By Lee Saunders
Last Updated 3/1/2016 at 10:20 PM
Tel Aviv: Gift-giving at Israeli weddings became much easier to understand for guests this week after a series of technological breakthroughs. Scientists at the renowned Technion Institute in Haifa unveiled a range of devices aimed at replacing the giant shekel-guzzling piggy bank that ritually stands in the corner of wedding receptions. Immigrants and native Israelis alike welcomed the news. The Daily Freier was able to speak with one such enthusiastic customer. Malcolm Green, a British Oleh Hadash noted: “When we got married, we had a wedding list at the Poundshop in Liverpool and just asked relatives to buy frying pans and food mixers. Now, everyone wants money, to pay for the very wedding you are going to! Why not just go out for a good shawarma and split the bill?”
Having attended his first wedding on an Israeli kibbutz, Aaron Stone, a new immigrant from the U.S. pointed out: “I looked at a website here designed to help you calculate the amount you are supposed to give the couple. If you know the bride more than 5 years, NIS300, more than 10, NIS1000, if you slept with the mother, you need to get them a car and stay away. It is all so odd.”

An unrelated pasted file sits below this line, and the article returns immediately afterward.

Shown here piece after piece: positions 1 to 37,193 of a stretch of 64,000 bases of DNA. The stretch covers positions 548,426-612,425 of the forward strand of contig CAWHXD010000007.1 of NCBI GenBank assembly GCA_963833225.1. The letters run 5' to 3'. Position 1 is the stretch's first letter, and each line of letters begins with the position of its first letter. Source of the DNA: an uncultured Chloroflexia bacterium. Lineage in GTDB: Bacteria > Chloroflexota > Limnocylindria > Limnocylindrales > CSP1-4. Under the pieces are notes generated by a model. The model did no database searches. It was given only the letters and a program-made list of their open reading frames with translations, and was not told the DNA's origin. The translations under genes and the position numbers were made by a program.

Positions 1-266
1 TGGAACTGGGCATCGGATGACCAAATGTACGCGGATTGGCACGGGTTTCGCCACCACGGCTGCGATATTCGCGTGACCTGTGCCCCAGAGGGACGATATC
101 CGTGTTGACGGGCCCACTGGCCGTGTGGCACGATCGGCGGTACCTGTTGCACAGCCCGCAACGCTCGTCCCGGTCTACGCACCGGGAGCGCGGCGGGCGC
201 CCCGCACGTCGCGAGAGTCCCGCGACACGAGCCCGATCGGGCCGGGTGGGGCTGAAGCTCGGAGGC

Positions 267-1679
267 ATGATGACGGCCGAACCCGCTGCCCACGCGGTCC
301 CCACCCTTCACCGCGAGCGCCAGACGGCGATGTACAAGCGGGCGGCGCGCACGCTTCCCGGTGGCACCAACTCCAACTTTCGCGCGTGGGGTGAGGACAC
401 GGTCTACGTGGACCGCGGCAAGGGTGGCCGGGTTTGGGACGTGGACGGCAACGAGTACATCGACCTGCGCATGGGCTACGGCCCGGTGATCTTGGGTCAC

Help is soon at hand, though, following the collaboration between researchers and a number of banks and fashion houses. Now, guests can either securely leave cheques in a safety deposit box stitched into the Rabbi’s hat, throw new magnetic shekel confetti at the happy couple, or swipe credit cards at one of the wedding chuppa’s four poles, each sponsored by Mastercard, Visa, Bank Hapoalim and Bank Leumi. 5G WiFi will connect each of the poles to the most favorable exchange rates, which are etched onto the Ketubah marriage contract with a laser pen. Fathers of the bride and groom will both be able to wear special voice-activated black pants that drop on hearing the words Mazel Tov, to reveal a compact cash register.
New brides will have the option of wearing an electronic white hoodie, which holds notes and coins, and is linked by Bluetooth to the groom’s bowtie, which sorts the currency into dollars, pounds and other major currencies. Gucci, Armani and Cofix will be bringing out wedding dresses with trains and veils made from perforated standing order and direct debit instructions if guests prefer to spread payments. A secret pilot scheme was launched at the wedding of noted selective tax-payer Bar Refaeli. When the wine glass was smashed, guests could be heard screaming “Mazel Tov” and “I’m broke” simultaneously. The products will be available from Sunday for purchase by the general public on one of the hidden floors at the Dizengoff shopping mall.